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Brook Andrew's Donut 1 (2011)

Brook Andrew's Donut 1 (2011)

Polyvinyl chloride, LEDs, fan blower

Until January 2019, you can view Brook Andrew's stunning sculpture Donut I hanging in Melbourne Recital Centre's grand staircase. 

Donut I is a floating sculpture representing the optical patterned matrix of Wiradjuri design. Used in other works such as The Cell and Jumping Castle War Memorial, the hard-edge black and white matrix acts as a metaphor for seeing differently. The traditional Wiradjuri design and the contemporary optical experience reference how and what we see as a historical influence on our contemporary lives.

The spherical shape references ancient European and Indigenous depictions of time travel and healing. Israeli physicist Amos Ori designed a time machine in this shape and similarly the form comes from a story that speaks of Aboriginal magic trees that form circle shapes in their branches and are in fact time-travelling objects.

donut 1 Melbourne Recital Centre

Brook Andrew is an interdisciplinary artist who examines dominant narratives, often relating to colonialism and modernist histories. Through museum and archival interventions, he aims to offer alternate versions of forgotten histories – illustrating different means for interpreting history in the world today. Apart from drawing inspiration from vernacular objects and the archive, he travels internationally to work with communities and various private and public collections to tease out new interpretations.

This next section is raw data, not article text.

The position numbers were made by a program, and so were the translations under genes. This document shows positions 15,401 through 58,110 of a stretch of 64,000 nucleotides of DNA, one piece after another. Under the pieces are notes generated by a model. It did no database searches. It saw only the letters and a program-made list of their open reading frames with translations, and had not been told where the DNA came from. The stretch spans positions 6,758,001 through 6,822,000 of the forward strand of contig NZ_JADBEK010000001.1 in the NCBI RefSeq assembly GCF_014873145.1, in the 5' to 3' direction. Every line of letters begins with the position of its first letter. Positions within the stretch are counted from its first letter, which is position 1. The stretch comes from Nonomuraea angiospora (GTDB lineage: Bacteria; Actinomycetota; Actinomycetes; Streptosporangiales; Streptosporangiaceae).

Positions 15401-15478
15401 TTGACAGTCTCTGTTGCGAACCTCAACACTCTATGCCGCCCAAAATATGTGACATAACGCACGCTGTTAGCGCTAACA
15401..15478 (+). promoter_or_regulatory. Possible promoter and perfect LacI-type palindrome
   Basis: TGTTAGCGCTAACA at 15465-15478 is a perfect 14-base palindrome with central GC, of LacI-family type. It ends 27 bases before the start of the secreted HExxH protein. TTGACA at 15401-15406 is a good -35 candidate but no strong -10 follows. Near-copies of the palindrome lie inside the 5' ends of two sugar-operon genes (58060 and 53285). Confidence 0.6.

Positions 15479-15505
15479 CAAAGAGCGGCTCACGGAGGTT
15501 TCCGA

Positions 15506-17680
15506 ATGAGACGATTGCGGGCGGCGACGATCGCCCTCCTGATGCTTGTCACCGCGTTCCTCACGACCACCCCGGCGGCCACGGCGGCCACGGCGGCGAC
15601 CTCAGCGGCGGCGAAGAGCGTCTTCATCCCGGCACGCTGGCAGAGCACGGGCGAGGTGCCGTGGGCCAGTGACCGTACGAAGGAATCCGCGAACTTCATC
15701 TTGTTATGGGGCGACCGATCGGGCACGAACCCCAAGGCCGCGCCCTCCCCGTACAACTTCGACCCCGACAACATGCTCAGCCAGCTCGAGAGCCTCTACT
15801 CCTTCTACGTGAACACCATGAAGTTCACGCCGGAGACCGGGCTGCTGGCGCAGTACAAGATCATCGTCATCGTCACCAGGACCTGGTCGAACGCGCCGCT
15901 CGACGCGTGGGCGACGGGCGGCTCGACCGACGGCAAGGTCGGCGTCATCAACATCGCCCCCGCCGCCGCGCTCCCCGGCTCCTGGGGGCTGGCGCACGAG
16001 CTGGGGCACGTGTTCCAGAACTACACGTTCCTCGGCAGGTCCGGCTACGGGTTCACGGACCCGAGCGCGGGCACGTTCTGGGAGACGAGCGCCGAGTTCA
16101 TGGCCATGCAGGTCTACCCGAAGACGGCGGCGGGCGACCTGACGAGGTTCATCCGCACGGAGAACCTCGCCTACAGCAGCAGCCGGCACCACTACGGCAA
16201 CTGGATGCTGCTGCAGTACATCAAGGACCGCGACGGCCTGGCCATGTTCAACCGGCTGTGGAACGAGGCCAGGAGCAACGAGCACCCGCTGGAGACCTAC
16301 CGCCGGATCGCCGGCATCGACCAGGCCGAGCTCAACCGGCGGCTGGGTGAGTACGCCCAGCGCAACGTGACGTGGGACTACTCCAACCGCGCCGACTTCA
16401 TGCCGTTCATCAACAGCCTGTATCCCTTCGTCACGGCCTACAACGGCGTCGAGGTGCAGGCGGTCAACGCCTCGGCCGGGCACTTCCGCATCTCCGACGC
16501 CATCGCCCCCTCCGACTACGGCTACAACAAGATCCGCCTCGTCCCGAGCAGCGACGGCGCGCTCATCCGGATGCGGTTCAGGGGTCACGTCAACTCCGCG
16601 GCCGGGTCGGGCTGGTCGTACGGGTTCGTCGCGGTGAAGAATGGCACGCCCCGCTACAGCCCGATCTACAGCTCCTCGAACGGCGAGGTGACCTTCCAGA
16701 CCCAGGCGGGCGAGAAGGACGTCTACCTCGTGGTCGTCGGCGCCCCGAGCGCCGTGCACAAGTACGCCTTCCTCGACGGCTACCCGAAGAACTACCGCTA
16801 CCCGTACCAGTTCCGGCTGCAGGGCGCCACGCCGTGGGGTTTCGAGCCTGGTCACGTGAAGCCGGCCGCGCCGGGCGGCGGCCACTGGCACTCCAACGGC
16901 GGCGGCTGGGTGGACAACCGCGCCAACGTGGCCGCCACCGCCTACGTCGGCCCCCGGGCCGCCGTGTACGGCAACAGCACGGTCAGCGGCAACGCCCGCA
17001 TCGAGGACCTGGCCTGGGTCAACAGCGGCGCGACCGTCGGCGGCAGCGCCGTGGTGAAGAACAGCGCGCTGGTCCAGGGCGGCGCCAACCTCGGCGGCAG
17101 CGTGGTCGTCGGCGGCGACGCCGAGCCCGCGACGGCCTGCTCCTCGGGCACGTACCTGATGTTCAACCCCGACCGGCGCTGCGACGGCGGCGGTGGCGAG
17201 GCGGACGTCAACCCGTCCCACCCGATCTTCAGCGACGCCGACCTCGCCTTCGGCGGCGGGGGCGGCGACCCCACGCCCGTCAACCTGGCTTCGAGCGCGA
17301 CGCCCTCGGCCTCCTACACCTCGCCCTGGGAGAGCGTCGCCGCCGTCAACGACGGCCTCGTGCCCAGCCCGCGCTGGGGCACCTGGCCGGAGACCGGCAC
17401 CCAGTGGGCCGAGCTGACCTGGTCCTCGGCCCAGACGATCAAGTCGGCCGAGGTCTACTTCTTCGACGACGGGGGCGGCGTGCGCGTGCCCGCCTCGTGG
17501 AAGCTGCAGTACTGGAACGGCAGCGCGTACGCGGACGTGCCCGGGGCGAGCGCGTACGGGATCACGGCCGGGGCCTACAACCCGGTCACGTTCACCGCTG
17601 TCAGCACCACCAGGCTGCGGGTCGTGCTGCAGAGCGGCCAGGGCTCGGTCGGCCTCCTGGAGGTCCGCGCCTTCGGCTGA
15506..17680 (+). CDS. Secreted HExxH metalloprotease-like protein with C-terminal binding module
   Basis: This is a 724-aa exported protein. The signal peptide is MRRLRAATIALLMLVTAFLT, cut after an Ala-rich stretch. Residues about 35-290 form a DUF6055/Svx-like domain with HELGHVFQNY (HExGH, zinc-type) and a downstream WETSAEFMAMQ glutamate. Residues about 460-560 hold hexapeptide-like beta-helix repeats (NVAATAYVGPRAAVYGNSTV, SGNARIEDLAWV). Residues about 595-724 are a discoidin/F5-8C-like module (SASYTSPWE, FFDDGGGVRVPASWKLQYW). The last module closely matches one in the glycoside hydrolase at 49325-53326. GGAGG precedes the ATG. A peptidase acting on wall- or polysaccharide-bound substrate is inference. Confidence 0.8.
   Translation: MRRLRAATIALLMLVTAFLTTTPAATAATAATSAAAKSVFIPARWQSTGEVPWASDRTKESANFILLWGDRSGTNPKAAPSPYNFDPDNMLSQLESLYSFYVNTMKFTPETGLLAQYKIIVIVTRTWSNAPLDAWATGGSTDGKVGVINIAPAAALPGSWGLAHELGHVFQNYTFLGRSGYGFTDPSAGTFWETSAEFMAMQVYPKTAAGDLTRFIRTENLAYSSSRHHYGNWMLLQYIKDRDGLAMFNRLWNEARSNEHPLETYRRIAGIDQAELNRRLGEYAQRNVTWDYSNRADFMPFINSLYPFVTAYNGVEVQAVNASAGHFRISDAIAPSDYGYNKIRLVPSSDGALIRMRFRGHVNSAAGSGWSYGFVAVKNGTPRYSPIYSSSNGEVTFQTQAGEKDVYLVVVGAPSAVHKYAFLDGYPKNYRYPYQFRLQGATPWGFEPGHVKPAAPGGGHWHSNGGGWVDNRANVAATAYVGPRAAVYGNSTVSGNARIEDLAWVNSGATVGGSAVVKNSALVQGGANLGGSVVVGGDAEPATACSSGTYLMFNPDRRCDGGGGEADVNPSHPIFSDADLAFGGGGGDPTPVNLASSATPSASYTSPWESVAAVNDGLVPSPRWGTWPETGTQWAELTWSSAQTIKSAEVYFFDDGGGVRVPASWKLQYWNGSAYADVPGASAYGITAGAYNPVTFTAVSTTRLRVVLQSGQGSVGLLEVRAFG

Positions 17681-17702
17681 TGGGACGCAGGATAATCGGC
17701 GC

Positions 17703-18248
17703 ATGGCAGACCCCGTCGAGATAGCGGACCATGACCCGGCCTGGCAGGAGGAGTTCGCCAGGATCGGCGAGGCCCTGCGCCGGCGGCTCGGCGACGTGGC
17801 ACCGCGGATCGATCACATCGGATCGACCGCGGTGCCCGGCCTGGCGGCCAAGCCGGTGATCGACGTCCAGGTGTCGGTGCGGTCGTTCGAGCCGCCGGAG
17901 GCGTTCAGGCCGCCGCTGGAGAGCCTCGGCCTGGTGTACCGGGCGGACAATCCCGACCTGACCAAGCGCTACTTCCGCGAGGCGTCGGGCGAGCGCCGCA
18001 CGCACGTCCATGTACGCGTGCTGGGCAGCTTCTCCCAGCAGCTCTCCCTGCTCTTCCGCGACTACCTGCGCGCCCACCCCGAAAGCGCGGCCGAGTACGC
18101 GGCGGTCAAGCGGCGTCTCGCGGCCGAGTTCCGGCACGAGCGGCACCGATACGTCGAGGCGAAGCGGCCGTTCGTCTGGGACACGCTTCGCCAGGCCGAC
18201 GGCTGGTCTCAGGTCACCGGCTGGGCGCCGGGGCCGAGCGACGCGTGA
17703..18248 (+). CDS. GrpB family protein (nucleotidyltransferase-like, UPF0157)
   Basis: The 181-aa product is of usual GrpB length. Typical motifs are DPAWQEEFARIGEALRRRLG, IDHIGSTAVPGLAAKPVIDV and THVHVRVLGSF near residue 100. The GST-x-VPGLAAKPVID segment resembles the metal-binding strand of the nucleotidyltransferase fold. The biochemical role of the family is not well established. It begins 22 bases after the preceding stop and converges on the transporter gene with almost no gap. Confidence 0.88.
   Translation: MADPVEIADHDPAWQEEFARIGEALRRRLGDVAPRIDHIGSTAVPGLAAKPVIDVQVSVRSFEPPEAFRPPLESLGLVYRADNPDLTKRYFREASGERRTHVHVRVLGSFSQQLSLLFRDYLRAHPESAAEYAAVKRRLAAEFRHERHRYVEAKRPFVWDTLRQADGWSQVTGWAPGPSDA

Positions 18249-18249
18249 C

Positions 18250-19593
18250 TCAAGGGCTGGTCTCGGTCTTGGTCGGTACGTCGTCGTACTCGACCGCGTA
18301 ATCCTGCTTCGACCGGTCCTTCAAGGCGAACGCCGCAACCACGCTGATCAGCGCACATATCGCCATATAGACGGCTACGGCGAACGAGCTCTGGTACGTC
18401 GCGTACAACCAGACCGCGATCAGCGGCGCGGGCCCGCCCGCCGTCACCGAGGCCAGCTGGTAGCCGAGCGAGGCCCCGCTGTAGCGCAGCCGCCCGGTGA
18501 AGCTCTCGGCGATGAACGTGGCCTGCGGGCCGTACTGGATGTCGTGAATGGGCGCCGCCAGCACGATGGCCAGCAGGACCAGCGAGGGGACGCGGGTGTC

Donut I at Melbourne Recital Centre

Most recently Brook presented What’s Left Behind, a new commission for SUPERPOSITION: Art of Equilibrium and Engagement, at the 21st Biennale of Sydney. In 2017 he created an intervention into the collection of the Musée d’ethnographie de Genève, Switzerland; presented Ahy-kon-uh-klas-tik, an interrogation of the Van Abbemuseum archives in the Netherlands; undertook an Artist Research Fellowship with the Smithsonian Institute, U.S.A.; and The Right to Offend is Sacred opened at the National Gallery of Victoria, a 25-year reflection on his practice.

His current research includes an ambitious international comparative three-year Federal Government Australian Research Council grant titled Representation, Remembrance and the Memorial. The project is designed to respond to the repeated high-level calls for a national memorial to Aboriginal loss and the frontier wars.

As part of Melbourne Art Week in August 2018, join Brook Andrew in conversation with the National Gallery of Victoria's Scott Maidment and discover more about this exciting work. Click here to discover more about this free event. 

Brook Andrew is represented by Tolarno Galleries, Melbourne; Roslyn Oxley9 Gallery, Sydney; and Galerie Nathalie Obadia, Paris and Brussels. 

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